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28.01.2020 | Original Article

Effects of implementing a care pathway for colorectal cancer surgery in ten European hospitals: an international multicenter pre–post-test study

Zeitschrift:
Updates in Surgery
Autoren:
Ruben van Zelm, Ellen Coeckelberghs, Walter Sermeus, Albert Wolthuis, Luk Bruyneel, Massimiliano Panella, Kris Vanhaecht
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Abstract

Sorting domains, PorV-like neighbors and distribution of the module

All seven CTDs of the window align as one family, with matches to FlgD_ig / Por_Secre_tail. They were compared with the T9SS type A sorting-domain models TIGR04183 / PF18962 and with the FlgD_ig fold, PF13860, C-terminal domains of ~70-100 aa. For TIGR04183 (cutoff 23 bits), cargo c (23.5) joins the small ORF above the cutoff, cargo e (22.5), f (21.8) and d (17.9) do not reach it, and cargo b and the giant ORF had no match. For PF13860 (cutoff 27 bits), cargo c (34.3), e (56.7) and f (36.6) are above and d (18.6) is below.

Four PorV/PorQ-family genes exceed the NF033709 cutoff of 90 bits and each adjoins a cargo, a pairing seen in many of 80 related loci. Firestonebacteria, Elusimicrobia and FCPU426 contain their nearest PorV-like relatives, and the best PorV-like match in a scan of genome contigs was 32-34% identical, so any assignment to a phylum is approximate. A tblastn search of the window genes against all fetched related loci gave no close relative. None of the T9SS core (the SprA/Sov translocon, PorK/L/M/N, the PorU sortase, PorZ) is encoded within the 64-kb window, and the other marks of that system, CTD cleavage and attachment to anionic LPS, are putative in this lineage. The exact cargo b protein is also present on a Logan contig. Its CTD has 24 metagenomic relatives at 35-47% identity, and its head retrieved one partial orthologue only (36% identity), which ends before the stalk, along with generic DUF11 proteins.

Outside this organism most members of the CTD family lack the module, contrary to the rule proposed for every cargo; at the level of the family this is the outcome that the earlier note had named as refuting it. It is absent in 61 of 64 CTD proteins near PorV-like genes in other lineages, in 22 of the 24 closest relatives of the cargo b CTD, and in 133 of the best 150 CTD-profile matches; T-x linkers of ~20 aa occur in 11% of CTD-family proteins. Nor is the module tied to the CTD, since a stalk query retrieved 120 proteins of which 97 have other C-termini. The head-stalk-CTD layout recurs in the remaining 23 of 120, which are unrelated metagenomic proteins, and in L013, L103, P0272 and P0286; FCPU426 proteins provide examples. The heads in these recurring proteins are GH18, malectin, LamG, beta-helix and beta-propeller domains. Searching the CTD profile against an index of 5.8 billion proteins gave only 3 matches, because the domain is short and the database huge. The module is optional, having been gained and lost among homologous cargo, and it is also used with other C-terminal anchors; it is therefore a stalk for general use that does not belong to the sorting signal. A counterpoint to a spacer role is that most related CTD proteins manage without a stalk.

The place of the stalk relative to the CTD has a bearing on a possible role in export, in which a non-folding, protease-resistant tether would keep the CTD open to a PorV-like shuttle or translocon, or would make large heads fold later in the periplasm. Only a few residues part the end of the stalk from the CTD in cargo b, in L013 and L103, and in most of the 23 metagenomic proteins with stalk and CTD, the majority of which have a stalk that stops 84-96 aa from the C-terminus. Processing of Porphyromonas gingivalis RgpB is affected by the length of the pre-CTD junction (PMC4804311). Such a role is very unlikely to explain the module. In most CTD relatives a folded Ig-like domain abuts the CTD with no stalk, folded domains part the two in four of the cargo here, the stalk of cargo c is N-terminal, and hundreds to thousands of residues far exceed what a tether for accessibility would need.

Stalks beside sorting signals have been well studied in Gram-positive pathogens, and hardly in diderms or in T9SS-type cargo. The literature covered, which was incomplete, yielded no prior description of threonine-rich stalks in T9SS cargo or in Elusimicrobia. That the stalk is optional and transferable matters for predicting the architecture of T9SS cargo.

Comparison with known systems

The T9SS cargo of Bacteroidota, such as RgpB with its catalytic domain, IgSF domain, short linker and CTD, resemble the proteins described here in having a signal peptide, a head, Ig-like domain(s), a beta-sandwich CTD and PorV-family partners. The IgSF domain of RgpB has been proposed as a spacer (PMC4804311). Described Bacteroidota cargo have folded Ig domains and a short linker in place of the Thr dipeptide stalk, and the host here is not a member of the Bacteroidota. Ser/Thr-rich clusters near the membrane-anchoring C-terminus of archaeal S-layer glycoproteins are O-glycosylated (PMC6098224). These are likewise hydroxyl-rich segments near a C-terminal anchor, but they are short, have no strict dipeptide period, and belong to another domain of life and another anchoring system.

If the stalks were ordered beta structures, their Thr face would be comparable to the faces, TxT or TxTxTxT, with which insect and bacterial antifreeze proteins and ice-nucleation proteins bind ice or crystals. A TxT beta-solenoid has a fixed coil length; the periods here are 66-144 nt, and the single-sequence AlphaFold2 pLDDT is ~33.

Adherence to evidence-based recommendations is variable and generally low. This is also followed in colorectal surgery, despite the availability of the ERAS® protocol. The aim of the study was to evaluate the effect of implementing a care pathway for perioperative care in colorectal cancer surgery on outcomes and protocol adherence. So, we performed an international pre-test–post-test multicenter study, performed in ten hospitals in four European countries. The measures used included length of stay, morbidity and mortality, and documentation and adherence on intervention and patient level. Unadjusted pre-test–post-test differences were analyzed following an analysis adjusted for patient-mix variables. Importance–performance analysis was used to map the relationship between importance and performance of individual interventions. In total, 381 patients were included. Length of stay decreased from 12.6 to 10.7 days (p = 0.0230). Time to normal diet and walking also decreased significantly. Protocol adherence improved from 56 to 62% (p < 0.00001). Adherence to individual interventions remained highly variable. Importance–performance analysis showed 30 interventions were scored as important, of which 19 had an adherence < 70%, showing priorities for improvement. Across hospitals, change in protocol adherence ranged from a 13% decrease to a 22% increase. Implementing a care pathway for colorectal cancer surgery reduced length of stay, time to normal diet and walking. Documentation and protocol adherence improved after implementing the care pathway. However, not in all participating hospitals protocol adherence improved. Only in 25% of patients, protocol adherence of ≥ 70% was achieved, suggesting a large group is at risk for underuse. Importance–performance analysis showed which interventions are important, but have low adherence, prioritizing improvement efforts.

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